Tuesday, April 8, 2008

The Biodiesel Tree

Copaifera langsdorffii
From Wikipedia, the free encyclopedia

Diesel tree

Scientific classification
Kingdom: Plantae
Division: Magnoliophyta
Class: Magnoliopsida
Order: Fabales
Family: Fabaceae
Subfamily: Caesalpinioideae
Tribe: Detarieae
Genus: Copaifera
Species: C. langsdorffii
Binomial name
Copaifera langsdorffii

The tropical rainforest tree Copaifera langsdorffii is known as the diesel tree and kerosene tree. It has many names in local languages, including kupa'y, cabismo, and copa├║va. It produces a large amount of terpene hydrocarbons in its wood and leaves. One tree can produce 30 to 40 liters of hydrocarbons per year. The oil is collected by tree tapping. The main compound in the oil is copaiba, an oleoresin which is useful in the production of oil products such as lacquers and can be used as biodiesel. The tree is also the main source of copaene, another terpene.

It is a medium-sized tree usually reaching 12 meters in height, with white flowers and small, oily fruits. The wood is light due to its porosity. It is honeycombed with capillaries filled with oil. Tapping the tree involves cutting a well into which the oil seeps and where it can be easily collected. Despite its vigorous production of oil the tree does not grow well outside of the tropics and does not show promise as a reliable source of biodiesel.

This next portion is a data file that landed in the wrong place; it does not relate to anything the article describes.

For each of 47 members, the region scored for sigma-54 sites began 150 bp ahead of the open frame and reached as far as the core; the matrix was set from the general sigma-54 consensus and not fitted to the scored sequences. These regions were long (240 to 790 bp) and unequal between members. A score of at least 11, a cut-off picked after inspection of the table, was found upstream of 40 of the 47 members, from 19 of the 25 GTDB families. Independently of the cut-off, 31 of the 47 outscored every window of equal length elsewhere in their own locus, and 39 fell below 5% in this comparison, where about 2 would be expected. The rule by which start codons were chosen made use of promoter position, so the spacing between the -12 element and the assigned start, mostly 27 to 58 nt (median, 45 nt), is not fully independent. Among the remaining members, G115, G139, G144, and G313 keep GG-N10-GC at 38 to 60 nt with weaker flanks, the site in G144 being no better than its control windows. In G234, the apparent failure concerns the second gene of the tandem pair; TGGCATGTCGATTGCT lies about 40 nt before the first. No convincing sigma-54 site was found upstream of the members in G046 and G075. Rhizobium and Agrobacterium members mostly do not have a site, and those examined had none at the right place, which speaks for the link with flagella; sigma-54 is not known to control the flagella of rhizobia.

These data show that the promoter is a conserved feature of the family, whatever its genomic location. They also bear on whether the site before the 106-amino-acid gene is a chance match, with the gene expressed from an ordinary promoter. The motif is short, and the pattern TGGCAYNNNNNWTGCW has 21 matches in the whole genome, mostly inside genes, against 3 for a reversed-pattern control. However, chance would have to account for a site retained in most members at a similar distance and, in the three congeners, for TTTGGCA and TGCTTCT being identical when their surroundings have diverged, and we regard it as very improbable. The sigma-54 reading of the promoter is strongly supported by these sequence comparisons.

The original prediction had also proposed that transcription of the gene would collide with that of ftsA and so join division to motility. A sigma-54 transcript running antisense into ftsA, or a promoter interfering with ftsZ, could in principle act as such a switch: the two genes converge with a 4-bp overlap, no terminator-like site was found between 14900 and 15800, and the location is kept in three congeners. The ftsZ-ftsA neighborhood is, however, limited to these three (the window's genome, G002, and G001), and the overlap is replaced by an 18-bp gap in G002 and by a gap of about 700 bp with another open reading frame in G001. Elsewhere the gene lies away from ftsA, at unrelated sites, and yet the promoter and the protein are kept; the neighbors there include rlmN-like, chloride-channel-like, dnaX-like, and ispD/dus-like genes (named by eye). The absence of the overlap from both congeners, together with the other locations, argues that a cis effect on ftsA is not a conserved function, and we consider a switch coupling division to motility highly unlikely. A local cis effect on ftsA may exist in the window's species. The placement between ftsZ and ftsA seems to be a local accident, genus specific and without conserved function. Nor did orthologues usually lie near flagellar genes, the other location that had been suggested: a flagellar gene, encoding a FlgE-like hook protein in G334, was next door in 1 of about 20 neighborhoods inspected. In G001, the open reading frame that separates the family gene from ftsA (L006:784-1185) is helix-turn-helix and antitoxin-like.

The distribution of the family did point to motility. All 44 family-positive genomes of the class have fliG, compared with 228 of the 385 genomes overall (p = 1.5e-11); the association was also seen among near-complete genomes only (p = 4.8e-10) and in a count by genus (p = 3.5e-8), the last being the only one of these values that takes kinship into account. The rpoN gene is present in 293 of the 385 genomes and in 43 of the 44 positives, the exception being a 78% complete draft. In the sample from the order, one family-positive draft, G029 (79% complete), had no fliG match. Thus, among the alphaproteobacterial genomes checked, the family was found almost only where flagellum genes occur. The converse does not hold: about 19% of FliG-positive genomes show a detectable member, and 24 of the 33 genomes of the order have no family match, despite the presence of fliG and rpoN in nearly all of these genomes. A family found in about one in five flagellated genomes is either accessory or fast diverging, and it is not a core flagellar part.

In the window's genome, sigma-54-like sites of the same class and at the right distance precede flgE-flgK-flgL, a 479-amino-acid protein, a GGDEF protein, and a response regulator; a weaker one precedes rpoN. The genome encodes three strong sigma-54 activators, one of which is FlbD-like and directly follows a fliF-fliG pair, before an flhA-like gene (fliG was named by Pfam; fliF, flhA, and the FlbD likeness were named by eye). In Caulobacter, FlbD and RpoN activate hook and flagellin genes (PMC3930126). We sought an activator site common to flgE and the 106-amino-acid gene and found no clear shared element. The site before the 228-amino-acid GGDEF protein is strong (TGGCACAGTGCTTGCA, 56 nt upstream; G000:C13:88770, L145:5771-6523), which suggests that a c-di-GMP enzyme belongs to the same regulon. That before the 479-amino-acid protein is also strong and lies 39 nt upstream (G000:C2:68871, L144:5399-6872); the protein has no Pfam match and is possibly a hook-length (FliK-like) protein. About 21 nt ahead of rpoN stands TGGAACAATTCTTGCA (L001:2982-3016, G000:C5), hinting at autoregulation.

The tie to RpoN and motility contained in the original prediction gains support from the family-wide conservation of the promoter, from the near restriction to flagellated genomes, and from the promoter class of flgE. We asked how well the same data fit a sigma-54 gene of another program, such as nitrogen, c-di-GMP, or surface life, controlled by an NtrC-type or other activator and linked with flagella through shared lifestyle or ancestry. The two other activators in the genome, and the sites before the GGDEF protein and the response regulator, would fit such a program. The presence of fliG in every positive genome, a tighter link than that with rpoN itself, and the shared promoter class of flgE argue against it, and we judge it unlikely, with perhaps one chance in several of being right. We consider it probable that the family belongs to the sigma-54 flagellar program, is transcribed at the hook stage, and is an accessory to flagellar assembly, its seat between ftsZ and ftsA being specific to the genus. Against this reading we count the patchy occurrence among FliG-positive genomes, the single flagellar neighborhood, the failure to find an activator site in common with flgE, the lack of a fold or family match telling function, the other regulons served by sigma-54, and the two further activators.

Bees utilize the tree for pollen collection. The wood can be burned for firewood or used in carpentry. The plant has a great number of historical medicinal uses.

Too bad they only grow in the tropics. Of course, if the great scientist algore is right, we could be living in the tropics in a couple of years!

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